9. Point well made Amy. I am very excited about this new website, however, but do not see it as my main search tool rather it is one of many.

    My searches last night on Mocavo did bring up some new information I hadn't run across before and that is always a good thing. I plan on regularly checking Mocavo in my searches as I'm sure they will improve their content with time.

  10. I agree. It's always good to have another genealogy tool but I'm always skeptical of anything claiming to be the best especially on day one.

    They would have more credibility with me if they toned down their statement that Mocavo "provides genealogists access to the best free genealogy content on the web." That may be their goal but, from my limited testing, they aren't anywhere near there yet - unless they don't consider genealogy blogs to be in the "best free genealogy content on the web." I didn't find any hits to blogs that show up in Bing, Google and Yahoo using the same search criteria.

    I did determine that anyone using Mocavo and looking for any of my ancestors are going to find my website (not my blog, my family tree website) but then my site also comes up very high in the search results with those other 3 search engines along with other hits that Mocavo misses.

  11. This is an interesting new tool to put in my kit. I tried it out a bit with my very abnormal surname and got a few results I hadn't seen before. However, one of the links was to, which I'm not a member of. So now I have this little tidbit of information that I can't access without paying for it. I realize it's not a flaw with mocavo but it is frustrating.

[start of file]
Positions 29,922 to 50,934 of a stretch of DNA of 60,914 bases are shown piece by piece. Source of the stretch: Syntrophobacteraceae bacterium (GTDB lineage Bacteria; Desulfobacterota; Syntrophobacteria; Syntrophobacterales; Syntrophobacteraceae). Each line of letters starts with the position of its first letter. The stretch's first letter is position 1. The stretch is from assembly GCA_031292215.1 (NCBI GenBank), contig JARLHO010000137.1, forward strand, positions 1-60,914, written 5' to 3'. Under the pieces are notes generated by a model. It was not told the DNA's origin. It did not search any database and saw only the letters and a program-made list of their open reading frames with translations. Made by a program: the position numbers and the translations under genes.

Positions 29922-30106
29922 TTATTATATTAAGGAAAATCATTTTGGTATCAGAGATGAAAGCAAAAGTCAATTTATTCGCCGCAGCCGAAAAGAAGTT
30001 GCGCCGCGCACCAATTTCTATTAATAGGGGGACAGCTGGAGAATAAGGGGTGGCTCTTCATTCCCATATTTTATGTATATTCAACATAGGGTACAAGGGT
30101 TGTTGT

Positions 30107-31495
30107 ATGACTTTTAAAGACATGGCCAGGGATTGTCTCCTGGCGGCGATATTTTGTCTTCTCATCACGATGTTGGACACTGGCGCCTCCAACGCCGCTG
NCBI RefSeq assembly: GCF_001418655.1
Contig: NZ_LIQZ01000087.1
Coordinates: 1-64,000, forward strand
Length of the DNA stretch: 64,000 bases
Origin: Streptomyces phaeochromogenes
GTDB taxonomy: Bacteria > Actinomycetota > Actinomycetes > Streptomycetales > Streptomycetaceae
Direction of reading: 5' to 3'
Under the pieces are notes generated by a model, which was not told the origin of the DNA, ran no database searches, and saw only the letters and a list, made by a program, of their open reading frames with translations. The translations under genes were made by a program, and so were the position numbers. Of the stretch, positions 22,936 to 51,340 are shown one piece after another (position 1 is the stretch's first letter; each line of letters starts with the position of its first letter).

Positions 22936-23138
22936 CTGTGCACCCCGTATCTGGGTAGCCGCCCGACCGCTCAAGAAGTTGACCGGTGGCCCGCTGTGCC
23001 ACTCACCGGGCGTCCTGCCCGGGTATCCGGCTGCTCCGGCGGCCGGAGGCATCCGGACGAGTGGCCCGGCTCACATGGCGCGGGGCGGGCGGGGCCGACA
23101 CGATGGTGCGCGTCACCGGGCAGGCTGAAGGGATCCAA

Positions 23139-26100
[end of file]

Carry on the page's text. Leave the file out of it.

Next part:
Also, I'm not skilled with google alerts - would love a a "alerts for dummies" class :-)


  12. Amy, I couldn't agree more. I'm very excited to see this new tool, but on my test searches I too noticed information that was lacking that would be caught in google searches. It did come up with some great content on some searches, but no magic bullet.

  13. Great post! I really appreciated your recommendation to keep this in perspective. The tag lines and hype that use all encompassing words might really deceive fledgling researchers. After playing with this myself, I used a hugely obscure surname to see how the results faired: marginal. Yes they pulled results from various Rootsweb sites and Findagrave, but I knew there were a lot more results even within these sites that they had not tapped made me worry that new researchers would not take the time to explore in depth the original free sites that are much larger and contain more gems than this free and simple search engine produces....but that's part of the key here: genealogy is great fun but regardless of the new fancy search engines, it still takes work - Even when searching among online resources! And I totally agree with Caroline, smart searching strategies is still a skill set that must be learned to obtain the best results as we use ALL the best tools out there – never just one.

  14. I got a lot of results in surname searches on [whateverstate]

    And none - zero - on blogs. There's a major downside for me.

    Within a couple of hours of blogging about one of my surnames and using a surname tag, Google has picked it up.

    I'm not sure how Moncavo would displace that treasure trove, since it seems they have to add websites into their virtual library.

  15. Dee - I had the same reaction - no blogs! Mocavo is fine for a few sites, but definitely needs to add some others.